The Power of Coaching – Part 1


The Power of Coaching – Part 1

The first in a series of articles exploring coaching and why it has become so popular.

I always assumed I was a good coach when I worked as a field based sales trainer and then sales manager. Truth was, however, that I often confused coaching with training. Many of us think that instructing someone in ways to be more successful is a fair definition of what coaching is. They’re wrong. Yes, it can be, but it is not the limitation of what coaching can offer. I would like to share my philosphy on coaching, and how it differs from teaching, instructing and even managing.

Lets just focus on “The Manager-Coach”. For anyone who is working in coaching this is crucial. You need to be clear; am I working with this person purely as their coach, or does my success depend on their success? If the latter applies to you, then it is impossible to “coach” in the purest sense of the word. John Whitmore (the father of GROW coaching) says that coaching is built upon the following;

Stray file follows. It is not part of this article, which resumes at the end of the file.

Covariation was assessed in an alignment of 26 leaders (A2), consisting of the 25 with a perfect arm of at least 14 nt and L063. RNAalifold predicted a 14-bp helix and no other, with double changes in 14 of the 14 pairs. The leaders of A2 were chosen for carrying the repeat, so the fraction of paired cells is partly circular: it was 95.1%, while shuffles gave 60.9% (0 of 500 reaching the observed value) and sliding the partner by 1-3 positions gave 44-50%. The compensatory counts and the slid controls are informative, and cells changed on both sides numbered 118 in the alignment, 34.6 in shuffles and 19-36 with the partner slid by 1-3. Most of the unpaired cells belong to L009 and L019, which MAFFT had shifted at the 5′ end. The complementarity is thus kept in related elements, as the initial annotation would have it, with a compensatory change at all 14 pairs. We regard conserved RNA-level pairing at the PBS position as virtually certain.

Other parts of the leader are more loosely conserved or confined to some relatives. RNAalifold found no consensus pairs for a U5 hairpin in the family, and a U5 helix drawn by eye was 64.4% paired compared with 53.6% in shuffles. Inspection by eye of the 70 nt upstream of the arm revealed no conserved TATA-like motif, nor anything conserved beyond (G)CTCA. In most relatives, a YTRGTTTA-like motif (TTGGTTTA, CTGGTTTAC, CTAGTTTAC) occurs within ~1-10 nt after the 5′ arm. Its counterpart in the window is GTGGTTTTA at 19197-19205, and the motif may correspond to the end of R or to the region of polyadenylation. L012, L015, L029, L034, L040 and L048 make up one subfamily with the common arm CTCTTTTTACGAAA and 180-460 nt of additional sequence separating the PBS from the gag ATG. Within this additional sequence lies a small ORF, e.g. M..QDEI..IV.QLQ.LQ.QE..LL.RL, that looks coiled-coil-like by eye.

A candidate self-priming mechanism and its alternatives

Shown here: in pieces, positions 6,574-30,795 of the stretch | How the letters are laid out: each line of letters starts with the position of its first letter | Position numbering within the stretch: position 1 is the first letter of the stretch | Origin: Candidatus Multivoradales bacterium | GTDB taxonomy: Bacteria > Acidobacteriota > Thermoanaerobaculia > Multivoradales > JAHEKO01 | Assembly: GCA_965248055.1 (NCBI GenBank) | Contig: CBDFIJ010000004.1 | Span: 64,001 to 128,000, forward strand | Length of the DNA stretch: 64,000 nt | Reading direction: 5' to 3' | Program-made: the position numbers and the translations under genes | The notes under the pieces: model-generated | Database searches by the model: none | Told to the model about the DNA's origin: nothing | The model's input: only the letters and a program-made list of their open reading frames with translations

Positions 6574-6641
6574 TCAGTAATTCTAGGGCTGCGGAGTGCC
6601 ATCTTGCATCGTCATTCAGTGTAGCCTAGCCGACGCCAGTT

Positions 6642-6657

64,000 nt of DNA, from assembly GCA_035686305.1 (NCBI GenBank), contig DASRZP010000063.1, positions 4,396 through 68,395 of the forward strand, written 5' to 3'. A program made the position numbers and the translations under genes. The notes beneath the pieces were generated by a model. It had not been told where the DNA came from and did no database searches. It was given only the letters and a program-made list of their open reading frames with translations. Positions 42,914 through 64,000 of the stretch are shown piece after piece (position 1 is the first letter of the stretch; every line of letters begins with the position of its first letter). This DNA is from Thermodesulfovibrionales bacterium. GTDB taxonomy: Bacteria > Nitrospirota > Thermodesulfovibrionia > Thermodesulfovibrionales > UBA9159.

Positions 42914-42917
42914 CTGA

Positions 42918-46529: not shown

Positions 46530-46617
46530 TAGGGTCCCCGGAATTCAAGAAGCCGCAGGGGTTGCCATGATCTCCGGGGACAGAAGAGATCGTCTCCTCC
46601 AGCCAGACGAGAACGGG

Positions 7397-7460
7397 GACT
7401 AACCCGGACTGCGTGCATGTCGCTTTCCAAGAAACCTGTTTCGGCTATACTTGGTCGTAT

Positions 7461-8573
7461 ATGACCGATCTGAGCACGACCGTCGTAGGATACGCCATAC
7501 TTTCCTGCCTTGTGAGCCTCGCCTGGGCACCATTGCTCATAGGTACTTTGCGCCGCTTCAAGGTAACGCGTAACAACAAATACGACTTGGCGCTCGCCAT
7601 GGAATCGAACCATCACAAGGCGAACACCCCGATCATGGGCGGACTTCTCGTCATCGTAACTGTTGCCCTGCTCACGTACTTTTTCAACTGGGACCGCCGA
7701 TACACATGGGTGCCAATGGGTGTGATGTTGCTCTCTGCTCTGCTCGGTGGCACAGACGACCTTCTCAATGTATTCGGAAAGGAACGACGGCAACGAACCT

Creating Awareness

Ensuring Ownership

The need for our coachee to be sucessful can prevent us from being objective and lead to a condition called “coach bias”. Once this happens, and the coach starts favouring certain ways of solving problems or achieving success, then who owns the solution? Probably not the coachee. Sure, they will give your suggestions a go, but if it fails they will blame you, not take personal responsibility.

So, rule #1 of coaching – be very careful how and when you use it. If successfully solving a problem, or getting a result with key customers, is so crucial to you, then coaching is probably not the best way to approach working with your subordinate or colleague. Better that you trust them to get on with it, or if you can’t do that, do it for them.

In the next part we will look at when to mange, when to coach.